In 2010, two years after the start of the credit crunch, 55% of all new Canadian mortgages were for more than 80% of the purchase price, a far higher proportion than the UK. More generally, Canada has not experienced the mortgage drought we see here. How do they do it? And should we follow suit?
I’m indebted to the Council of Mortgage Lenders for information on the Canadian mortgage market and you can see their full briefing here. So, if you want chapter and verse, you know where to find it. If you want a summary, I hope this will do.
The answer lies in large part in the Canadian attachment to Mortgage Insurance. To all intents and purposes, home buyers in Canada who want to borrow more than 80% of the purchase price have to take out compulsory Mortgage Insurance to protect the lender against default.
The insurance covers the lender for the whole of the loan (not just part of it) and it lasts for as long as the mortgage does. Moreover, the government provides a guarantee to back up the insurers such that there is virtually no risk to the lender that the insurer will be unable to pay up in the event of a default.
Less risk – more lending
The result, of course, is that lenders are exposed to much less risk and can offer more, higher loan to value mortgages. They also have to hold less capital to cover the possibility of a default and can so lend more with the same amount of money.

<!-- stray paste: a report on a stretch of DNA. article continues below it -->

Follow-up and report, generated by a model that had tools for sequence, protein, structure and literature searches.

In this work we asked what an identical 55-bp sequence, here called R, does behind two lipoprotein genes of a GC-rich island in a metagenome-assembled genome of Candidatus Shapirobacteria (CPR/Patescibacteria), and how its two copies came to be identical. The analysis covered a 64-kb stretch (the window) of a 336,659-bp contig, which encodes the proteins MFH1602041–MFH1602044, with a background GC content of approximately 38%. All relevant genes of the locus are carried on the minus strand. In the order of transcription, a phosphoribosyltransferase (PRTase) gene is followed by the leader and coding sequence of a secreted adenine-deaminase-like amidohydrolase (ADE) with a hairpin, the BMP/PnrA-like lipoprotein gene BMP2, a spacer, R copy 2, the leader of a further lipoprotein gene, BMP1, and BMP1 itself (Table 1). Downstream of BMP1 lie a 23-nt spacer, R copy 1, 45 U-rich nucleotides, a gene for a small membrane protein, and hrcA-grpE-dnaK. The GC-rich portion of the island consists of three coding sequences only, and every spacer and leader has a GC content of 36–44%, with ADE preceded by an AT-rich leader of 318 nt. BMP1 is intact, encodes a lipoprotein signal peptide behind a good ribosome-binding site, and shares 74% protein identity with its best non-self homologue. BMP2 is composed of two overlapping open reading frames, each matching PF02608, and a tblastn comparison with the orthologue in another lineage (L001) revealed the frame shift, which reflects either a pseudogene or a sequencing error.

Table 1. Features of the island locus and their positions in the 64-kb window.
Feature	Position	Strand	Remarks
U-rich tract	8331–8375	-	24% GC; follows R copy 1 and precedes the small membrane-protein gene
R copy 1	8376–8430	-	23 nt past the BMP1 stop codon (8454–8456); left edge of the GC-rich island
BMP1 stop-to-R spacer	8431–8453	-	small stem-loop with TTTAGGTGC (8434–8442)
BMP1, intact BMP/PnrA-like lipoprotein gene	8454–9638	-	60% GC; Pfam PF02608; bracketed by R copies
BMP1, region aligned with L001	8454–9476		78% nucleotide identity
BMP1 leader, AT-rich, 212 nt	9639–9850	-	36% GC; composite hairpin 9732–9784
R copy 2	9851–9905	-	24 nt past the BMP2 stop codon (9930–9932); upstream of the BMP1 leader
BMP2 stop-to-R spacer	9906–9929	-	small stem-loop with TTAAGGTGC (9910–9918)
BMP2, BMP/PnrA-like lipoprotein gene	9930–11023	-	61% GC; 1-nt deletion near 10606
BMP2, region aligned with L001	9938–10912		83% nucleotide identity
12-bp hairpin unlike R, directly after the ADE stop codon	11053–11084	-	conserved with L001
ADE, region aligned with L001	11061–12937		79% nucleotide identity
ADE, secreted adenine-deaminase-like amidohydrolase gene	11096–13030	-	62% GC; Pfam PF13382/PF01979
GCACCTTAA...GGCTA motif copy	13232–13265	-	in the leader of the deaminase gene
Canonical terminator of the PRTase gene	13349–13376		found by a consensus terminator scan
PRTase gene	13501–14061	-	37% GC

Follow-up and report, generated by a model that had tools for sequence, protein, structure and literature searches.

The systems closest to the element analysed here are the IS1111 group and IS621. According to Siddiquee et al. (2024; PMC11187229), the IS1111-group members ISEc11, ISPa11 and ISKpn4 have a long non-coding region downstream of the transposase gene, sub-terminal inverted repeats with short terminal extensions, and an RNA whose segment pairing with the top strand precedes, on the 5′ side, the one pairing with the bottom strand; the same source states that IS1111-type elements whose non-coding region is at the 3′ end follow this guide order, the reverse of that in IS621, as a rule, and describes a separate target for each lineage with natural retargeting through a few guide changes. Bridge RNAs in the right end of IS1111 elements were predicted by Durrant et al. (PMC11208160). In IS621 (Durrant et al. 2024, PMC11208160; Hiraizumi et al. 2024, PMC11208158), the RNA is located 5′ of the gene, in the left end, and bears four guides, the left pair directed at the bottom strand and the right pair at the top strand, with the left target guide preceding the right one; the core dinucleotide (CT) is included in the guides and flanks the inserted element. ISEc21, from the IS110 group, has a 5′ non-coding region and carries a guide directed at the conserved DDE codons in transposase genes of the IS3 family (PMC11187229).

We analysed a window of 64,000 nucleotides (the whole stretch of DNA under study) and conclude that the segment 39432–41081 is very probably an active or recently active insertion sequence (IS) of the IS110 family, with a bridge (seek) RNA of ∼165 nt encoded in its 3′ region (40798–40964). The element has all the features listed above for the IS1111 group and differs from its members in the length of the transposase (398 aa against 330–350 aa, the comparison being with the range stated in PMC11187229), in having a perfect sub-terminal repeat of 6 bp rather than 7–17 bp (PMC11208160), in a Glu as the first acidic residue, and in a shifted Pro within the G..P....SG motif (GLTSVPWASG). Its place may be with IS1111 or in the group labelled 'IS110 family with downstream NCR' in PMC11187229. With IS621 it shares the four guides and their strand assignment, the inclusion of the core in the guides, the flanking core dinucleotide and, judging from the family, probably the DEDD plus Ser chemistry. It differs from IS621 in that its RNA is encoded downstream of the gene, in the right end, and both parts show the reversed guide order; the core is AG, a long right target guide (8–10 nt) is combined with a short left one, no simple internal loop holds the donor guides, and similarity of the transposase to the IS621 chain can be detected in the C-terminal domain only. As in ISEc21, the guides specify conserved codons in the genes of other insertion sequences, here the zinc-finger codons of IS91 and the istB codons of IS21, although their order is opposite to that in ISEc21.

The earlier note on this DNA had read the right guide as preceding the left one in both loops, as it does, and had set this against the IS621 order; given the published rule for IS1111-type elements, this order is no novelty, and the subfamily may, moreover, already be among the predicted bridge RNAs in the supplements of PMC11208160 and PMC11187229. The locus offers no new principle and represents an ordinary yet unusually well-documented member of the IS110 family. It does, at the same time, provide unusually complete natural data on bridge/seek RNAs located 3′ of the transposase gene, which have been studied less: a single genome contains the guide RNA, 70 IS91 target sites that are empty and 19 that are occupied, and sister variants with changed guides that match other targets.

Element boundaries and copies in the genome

There is, of course, a cost – to the buyer. Mortgage insurance can be as much as 2.75% of the total loan value for 95% mortgages and more if you are self-employed. You can see the scale of fees here.
Mostly, the Mortgage Insurance is added to the size of the loan so you don’t pay it upfront. But it also means that, as a borrower, you qualify for much lower interest rates on your mortgage. Overall, the Canada Mortgage & Housing Corporation reckons that: ‘For the vast majority of borrowers, the cost……….. is more than fully offset by the savings achieved’.
Now, Mortgage Insurance isn’t the only thing that has kept the mortgages flowing in Canada. It’s also easier for lenders to raise money thanks to a Canada Mortgage & Housing Corporation (CMHC) scheme that guarantees interest rate and capital payments to investors who buy parcels of mortgages. And since the CMHC is government owned, the guarantee is effectively backed by the Canadian government. Regular income, low risk – just what investors ordered.
It’s worth noting, by the way, that mortgage insurance in Canada was launched in the 1950s specifically to make home-ownership possible for a wide range of owner occupiers. I’ve argued before that high loan to value mortgages are essential to prevent home ownership becoming the preserve of the wealthy and it’s interesting to see an effective scheme designed to achieve just that.
Could it work here?
So, could it work here? Interestingly, the Basel Committee on Banking Supervision has just launched a consultation on mortgage insurance. If you have a few hours to spare and have lost the will to live, you can find it here. To be honest, it doesn’t look like the sort of committee to jump to conclusions so nothing is likely to happen very fast at the international level.
But, in principle, mortgage insurance solves the conundrum of how to get banks to lend more at higher loan to value rations without increasing their risk. Whatever the international timescales, there is no reason why the government, in Holyrood or Westminster, should not look at this. At the very least, I’d like to understand why it wouldn’t work.